Federal fishery revokes proposed “hard cap” rule for drift gillnets

Strict regulations not currently warranted, according to National Marine Fisheries Service.

WASHINGTON, D.C. — An attempt to establish strict limits on a large-mesh drift gillnet fishery in California was scrapped after the National Marine Fisheries Service (NMFS) and National Oceanic and Atmospheric Administration (NOAA) determined the proposal was unwarranted at this time.

Both federal agencies reviewed a formal request by the Pacific Fishery Management Council (PFMC) to implement a two-year rolling hard cap on observed mortality and injury of certain protected species within the drift gillnet fishery.

NMFS and NOAA announced June 12 the rule proposal would be withdrawn.

“Under the proposed regulations, caps would have been established for five marine mammal species and four sea turtle species. When any of the caps were reached, the fishery would have been closed for the rest of the fishing season and possibly through the following season,” the Federal Register Notice of the rule proposal stated. “The length of any closure would have depended on when during the two-year period a cap was reached.”

Supporters of the proposed hard cap rule, according to a NOAA analysis, stated such an action “would increase protection for non-target species and incentivize industry to practice clean fishing techniques.”

Those opposed to the hard cap proposal stated the ruling, if adopted, “would have minimal conservation benefits while imposing unnecessary economic hardship.”

Opponents also argued the NMFS “underestimated the economic effects” of the proposal to drift gillnet participants and the incidental catch of protected species within the fishery was “adequately managed under the Marine Mammal Protection Act … and Endangered Species Act (ESA).”

The NOAA analysis concluded a hard cap rule would yield minimal positive effects on protected species but have an adverse economic impact on fishery participants.

“NMFS found that implementing [PFMC’s] proposed regulations to establish protected species hard caps for the [drift gillnet] fishery would have minor beneficial effects to target and non-target fish species and protected species at the cost of significant adverse economic effects to the participants in the fishery if and when closures would occur,” NOAA staff reported in its analysis of the hard cap proposal.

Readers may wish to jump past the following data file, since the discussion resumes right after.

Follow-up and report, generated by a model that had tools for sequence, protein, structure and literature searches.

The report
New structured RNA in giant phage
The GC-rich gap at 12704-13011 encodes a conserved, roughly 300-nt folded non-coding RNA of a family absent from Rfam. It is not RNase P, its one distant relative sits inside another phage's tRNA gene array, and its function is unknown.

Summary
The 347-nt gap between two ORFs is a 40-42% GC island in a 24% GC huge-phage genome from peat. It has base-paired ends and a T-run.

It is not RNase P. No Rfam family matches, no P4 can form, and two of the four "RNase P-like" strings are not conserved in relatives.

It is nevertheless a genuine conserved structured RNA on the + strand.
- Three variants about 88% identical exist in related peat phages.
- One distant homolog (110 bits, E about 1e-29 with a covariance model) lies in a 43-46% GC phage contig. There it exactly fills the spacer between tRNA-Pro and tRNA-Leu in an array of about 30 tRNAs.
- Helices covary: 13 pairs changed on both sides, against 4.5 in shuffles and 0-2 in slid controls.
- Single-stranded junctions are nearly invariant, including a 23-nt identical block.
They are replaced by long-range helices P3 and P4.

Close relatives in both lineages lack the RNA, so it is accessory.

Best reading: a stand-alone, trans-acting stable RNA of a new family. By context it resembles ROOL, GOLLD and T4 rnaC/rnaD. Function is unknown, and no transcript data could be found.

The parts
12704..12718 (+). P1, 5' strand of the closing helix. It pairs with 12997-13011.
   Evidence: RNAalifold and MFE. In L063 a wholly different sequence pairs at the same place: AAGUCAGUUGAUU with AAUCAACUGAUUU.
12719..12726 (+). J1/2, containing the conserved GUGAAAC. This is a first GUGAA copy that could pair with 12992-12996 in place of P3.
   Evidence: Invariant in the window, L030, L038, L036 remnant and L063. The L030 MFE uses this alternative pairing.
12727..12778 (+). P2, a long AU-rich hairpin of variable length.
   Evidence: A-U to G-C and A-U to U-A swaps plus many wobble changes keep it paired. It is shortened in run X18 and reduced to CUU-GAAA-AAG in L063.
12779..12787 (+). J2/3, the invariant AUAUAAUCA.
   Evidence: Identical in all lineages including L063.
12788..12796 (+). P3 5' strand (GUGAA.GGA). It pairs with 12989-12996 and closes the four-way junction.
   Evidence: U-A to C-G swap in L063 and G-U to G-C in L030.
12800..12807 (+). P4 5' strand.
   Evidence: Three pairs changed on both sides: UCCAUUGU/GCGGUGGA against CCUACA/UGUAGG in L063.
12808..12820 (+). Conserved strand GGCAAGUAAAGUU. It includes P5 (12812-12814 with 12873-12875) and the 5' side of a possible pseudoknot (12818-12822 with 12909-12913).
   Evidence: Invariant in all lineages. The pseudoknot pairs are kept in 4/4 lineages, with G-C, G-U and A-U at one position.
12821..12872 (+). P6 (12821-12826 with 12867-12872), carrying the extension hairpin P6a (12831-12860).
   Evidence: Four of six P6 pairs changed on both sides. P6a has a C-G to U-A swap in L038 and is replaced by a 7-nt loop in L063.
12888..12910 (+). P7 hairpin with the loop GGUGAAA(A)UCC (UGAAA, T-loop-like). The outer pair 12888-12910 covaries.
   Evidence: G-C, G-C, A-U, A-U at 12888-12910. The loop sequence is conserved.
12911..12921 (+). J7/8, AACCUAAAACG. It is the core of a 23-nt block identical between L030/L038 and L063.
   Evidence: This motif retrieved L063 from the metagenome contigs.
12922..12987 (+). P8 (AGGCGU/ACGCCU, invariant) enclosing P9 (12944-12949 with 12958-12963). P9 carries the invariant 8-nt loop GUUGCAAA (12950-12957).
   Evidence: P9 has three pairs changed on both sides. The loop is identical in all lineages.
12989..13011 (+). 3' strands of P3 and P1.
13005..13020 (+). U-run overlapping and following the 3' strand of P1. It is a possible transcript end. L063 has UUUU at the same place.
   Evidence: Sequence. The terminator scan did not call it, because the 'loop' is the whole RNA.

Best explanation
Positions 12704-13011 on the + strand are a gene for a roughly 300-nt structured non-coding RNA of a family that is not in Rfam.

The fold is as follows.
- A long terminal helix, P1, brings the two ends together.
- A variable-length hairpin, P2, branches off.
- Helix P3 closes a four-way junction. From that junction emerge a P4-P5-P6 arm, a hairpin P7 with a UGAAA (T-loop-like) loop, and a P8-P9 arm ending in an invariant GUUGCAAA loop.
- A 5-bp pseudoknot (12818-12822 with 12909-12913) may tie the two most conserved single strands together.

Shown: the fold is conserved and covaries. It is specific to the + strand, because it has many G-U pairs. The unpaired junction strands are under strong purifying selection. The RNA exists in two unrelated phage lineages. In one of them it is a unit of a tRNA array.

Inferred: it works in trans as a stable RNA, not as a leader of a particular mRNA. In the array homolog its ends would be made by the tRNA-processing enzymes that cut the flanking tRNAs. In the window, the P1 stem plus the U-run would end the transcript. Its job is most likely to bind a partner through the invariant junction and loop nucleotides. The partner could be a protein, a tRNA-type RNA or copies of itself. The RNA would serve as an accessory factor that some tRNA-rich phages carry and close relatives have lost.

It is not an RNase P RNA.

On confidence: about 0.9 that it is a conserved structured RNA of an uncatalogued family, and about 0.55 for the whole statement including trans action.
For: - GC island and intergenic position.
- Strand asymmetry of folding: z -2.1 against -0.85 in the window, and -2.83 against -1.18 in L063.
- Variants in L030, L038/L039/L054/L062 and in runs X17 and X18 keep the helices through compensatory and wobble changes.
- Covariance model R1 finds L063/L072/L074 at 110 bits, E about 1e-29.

“NMFS projected that the proposed regulations would have led to a DGN fishery closure only once in the past 15 years and that the fishery would not be expected to close often in the future if protected species interaction rates remain the same,” the analysis continued.

Swordfish and thresher sharks have been a primary protected species within California’s drift gillnet fishery since the late 1970s.

The state manages the drift gillnet fishery through a limited entry permit system. Each vessel must abide by mandatory gear standards and seasonal closures. California issued about 150 permits when the fishery was established in 1980. Permitting peaked in 1986, with 251 vessels allowed to operate within the drift gillnet fishery. The number of issued permits has steadily declined since. NOAA reported fewer than 80 permits were issued in recent years.

“Fishing activity is highly dependent on seasonal oceanographic conditions that create temperature fronts which concentrate feed for swordfish. Because of the seasonal migratory pattern of swordfish and seasonal fishing restrictions, nearly all of the fishing effort in recent years has occurred from August 15 through January 31 off the California coast,” NOAA officials stated in the analysis of PFMC’s rule seeking.

Vessel revenues from the drift gillnet fishery’s ex-vessels, according to NOAA, declined from $3.79 million in 2001 to about $454,000 in 2015.

“Despite a temporary increase in participation and ex-vessel revenue from 2004 through 2007, a general downward trend exists for both,” NOAA staff stated. Both vessel participation and fishing effort (measured by the number of sets) have declined over the years. Industry representatives attribute the decline in vessel participation and annual effort to regulations implemented to protect marine mammals and endangered sea turtles.”

NOAA photo

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